Two years after being fired from the force, James Riley Jr., child molester and former corporal with the Hillsborough Police Department, has pleaded guilty to Indecent Liberties with a Minor. Riley was fired on July 23, 2013, three days after being placed on administrative leave.
In April of 2013, Hillsborough received a complaint about potential misconduct involving an officer. After two months, Riley was placed under surveillance, and was watched on nine subsequent occasions. On July 19th potential criminal misconduct was observed and the investigation was turned over to the Orange County DA’s Office the very next day. Criminal charges were later filed in April 2014.
According to Orange County DA Jim Woodall, Riley was kissing a 13 year old girl, as well as touching her 15 year old sister while he worked off duty at a McDonald’s in Hillsborough. Why did a cop making well over 50k a year also have to have a second job at a fast food restaurant? Was he trolling for victims?
Riley, whose sentence of 20-33 months in jail was suspended, also had to relinquish his law enforcement certification and register as a sex offender. Such a understated punishment for someone who had sworn to uphold and protect the law is effectively a public acknowledgment that the state will protect those who do it’s dirty work.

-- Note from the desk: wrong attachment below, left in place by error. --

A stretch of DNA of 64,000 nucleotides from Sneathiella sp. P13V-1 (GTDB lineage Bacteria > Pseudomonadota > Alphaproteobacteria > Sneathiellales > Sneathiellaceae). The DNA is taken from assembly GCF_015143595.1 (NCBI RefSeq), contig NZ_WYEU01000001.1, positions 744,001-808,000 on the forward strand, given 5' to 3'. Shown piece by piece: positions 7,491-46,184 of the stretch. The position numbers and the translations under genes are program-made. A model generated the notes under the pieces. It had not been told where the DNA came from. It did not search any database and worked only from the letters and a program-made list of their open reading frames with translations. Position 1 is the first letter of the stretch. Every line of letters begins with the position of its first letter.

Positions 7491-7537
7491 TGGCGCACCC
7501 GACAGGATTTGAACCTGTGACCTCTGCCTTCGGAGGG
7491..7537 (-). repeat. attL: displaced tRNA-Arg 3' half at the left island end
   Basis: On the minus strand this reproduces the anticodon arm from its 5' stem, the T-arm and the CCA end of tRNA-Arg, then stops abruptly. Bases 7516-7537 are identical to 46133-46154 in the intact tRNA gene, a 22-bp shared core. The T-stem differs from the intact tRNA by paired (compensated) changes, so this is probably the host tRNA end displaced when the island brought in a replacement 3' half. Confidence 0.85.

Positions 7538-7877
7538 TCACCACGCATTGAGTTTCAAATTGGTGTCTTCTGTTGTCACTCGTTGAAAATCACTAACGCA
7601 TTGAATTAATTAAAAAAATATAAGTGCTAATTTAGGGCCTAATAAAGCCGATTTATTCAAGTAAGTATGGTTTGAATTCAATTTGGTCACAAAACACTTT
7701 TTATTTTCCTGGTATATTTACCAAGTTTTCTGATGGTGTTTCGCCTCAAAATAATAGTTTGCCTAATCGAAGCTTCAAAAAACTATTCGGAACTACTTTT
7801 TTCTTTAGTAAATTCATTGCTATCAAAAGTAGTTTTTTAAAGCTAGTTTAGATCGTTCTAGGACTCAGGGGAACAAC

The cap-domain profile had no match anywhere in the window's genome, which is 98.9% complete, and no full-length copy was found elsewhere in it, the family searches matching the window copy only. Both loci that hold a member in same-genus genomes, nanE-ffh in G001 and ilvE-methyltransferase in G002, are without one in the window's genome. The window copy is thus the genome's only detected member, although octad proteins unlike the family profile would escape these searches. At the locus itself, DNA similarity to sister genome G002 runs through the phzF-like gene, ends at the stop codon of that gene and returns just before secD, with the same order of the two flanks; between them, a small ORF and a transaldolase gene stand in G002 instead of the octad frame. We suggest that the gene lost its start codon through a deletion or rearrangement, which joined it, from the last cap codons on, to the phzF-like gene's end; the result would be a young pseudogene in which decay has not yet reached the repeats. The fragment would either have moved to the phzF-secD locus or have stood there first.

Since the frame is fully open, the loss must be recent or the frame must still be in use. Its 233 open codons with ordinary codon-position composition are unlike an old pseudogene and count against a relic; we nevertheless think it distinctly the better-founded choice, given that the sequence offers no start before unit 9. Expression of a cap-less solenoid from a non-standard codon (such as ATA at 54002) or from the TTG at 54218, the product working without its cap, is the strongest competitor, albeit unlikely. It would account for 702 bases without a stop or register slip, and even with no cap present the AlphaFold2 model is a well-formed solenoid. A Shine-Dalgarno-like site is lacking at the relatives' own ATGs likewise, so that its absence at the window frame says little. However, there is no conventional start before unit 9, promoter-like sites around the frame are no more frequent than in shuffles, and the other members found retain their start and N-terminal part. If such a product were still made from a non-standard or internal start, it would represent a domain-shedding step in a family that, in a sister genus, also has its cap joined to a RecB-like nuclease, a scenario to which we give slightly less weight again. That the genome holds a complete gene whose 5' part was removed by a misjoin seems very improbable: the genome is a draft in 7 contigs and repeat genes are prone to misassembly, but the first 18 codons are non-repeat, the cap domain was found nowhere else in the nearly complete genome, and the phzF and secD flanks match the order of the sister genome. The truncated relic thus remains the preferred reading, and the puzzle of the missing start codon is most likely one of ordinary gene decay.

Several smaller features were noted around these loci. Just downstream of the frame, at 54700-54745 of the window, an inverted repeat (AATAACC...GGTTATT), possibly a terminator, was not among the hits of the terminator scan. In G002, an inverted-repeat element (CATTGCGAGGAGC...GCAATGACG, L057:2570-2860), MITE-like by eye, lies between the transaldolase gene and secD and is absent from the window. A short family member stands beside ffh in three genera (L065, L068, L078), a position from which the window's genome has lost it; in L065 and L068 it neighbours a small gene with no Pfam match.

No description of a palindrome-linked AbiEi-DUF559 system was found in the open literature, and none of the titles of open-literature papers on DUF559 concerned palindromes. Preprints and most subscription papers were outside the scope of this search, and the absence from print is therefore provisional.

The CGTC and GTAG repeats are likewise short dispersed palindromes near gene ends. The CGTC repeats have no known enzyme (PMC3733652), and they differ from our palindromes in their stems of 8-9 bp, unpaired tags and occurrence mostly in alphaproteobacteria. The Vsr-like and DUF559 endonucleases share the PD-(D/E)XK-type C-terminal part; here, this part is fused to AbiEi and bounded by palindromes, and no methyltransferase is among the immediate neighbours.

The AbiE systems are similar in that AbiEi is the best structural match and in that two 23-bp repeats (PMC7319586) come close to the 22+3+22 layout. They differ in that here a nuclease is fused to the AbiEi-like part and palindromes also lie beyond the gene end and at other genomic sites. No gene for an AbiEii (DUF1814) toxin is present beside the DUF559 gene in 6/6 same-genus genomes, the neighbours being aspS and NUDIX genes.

Louisiana Police Chief Earl Theriot avoided jail for sexually assaulting an unconscious woman. He responded to a 911 call about an unconscious woman at a gas station. He picked her up, made a stop at the liquor store, and tied her to the chair in his office. He then removed her clothes and forced her to perform sexual acts. His punishment was a 2,500 hundred dollar fine for lying to the FBI and 24 months probation. Theriot claimed that the embarrassment to his family and the loss of his job were punishment enough for traumatizing an innocent person with unsolicited, deviant sexual acts.
Dale Couch was arrested in May 2013 on two counts of lewd and lascivious molestation of a child under age twelve, and a third charge of lewd and lascivious molestation against a 12-year-old child. According to the 12 year old, Couch touched her more than once. He also made threatening comments that made him a danger to society, prompting the judge to set bond at $207,500.
These are just three instances of many.
In many other cases male officers have assaulted or harassed their female counterpart, and too often the victim is the one who gets punished for daring to report the assault. Darrell Best, a retired DC cop, was demoted in 2008 for sexually assaulting Valerie Eason. Valerie was a subordinate officer and on more than one occasion Best made comments such as, “I want to get in between your legs” or “I bet you can work those hips” Eason never reported the abuse out of fear of being ostracized.
“If you come forward with something negative about the department, you will be blackballed. When you get transferred, you go to another district. They already know why you’re there,” Eason told Fox5
If a Police Chief, a Lieutenant and a Corporal; all ranking officers in the department chain of command are guilty of sex crimes, what other offenses from themselves and/or officers from their departments have committed similar abuses that also went unpunished? Is it entirely possible that the policies regarding the reporting of sexual harassment in-house also may influence the way that investigations of state protected sexual predators are performed? Are the cards of justice stacked in favor of truth and those who gamble their lives through trust in it, or does the house always win?